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Paula White’s wild Trump sermon is begging for the Steve Reich treatment

Whatever you think of her views on religion, we can agree that yesterday, evangelical adviser to the president Paula White produced a most prodigious bop.

At a prayer service for the reelection of President Trump, the man she won over with her teachings of “Prosperity Theology,” White delivered an impassioned sermon heavy on rhythmic repetition, angelology and a soupçon of tongues. By turns alarming and amusing, the service sounded a lot like the early work of minimalist composer Steve Reich.

Minimal music, the purview of Jews like Reich and his one time moving company colleague, Philip Glass, has long had a relationship with impassioned Christian evangelism.

In 1965, Reich emerged with his first major composition, “It’s Gonna Rain,” made from a tape recording of an apocalyptic Pentecostal street preacher, Brother Walter.

Reich looped the piece creating a unique and jarring soundscape of recursive harmonies and revolutionizing process music. As the work’s title suggests, the refrain was “It’s gonna rain,” a phrase which melts away from conventional meaning and becomes its own, overwhelming, overlapping ambience. Created in the aftermath of the Cuban missile crisis, it is a jeremiad in the original sense, recalling that prophet’s overlooked portents of doom.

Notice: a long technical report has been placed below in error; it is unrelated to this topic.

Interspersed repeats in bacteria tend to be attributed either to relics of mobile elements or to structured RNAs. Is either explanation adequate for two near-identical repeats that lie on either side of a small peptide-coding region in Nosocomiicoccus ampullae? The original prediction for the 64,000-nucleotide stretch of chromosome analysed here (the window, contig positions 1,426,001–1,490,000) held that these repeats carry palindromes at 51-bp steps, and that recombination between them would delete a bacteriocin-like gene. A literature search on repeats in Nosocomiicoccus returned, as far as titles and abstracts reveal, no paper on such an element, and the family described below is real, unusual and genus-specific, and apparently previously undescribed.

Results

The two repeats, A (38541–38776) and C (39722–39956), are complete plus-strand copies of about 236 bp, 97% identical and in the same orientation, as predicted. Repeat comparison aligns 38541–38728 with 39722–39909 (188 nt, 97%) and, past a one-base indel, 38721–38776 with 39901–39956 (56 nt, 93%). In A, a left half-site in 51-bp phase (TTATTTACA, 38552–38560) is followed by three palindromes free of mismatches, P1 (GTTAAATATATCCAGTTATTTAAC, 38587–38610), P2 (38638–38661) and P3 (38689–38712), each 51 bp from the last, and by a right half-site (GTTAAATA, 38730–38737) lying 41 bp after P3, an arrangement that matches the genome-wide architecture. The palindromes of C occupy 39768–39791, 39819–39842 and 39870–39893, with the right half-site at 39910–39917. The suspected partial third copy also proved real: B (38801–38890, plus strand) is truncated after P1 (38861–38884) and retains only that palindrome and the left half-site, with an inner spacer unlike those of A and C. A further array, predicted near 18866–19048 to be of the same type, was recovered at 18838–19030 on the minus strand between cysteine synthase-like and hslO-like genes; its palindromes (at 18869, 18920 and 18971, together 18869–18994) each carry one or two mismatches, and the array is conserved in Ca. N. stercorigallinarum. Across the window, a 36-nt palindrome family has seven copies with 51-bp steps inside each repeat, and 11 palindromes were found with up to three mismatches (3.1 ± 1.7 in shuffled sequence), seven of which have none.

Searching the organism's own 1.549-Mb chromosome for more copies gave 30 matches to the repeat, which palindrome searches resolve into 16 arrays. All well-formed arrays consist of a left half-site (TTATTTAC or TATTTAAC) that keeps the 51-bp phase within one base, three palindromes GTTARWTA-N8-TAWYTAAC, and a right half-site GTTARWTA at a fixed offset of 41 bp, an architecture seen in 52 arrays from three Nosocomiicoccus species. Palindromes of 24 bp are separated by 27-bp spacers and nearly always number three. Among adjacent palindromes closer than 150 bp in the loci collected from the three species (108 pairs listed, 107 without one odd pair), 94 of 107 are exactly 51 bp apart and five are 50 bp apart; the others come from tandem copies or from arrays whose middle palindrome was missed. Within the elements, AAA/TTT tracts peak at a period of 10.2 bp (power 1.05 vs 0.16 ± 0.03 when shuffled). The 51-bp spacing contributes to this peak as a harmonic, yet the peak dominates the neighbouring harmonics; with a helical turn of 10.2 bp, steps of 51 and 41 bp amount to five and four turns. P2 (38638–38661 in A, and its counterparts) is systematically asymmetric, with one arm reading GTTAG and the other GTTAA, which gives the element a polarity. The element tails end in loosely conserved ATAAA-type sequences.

In content, White’s riff is quite different — though it’s spectacularly violent in its own right.

“We will strike and strike and strike and strike and strike… (White says ‘strike’ a lot in quick succession, making any minimalist’s work at generating a pulse profoundly easy) until you have victory.”

The televangelist takes a huge gasp of air — another aural gift rich in possibility. God will give victory to the Trump cause, she pledges, claiming she hears “a sound of an abundance of rain.”

Here, the rain isn’t Brother Walter’s expurgation, but an omen of victory, a rising tide for Trump and evangelical values. Perhaps this rain is but droplets of a belated red wave.

As White flails at the lectern, the audience sustains a long note, adding to the soundscape as Brother Walter’s followers did.

There’s a subtle clapping. A man in shorts and a T-shirt, carrying a sheaf of papers and his coat, paces behind White as she slips into tongues and says some stuff about angels being dispatched from various continents. It’s just the sort of raw material Reich or his heirs use to produce a thrum of ominous, garbled noise.

While White’s sermon will surely require some production — some have already remixed it in a more popular mode — it has great potential for a new minimalist masterpiece.

Given White’s favorite congregant’s late, unhinged tweets the resulting track would be a fitting anthem for this stage of Trump’s campaign. Or, for that matter, his presidency.

PJ Grisar is the Forward’s culture reporter. He can be reached at




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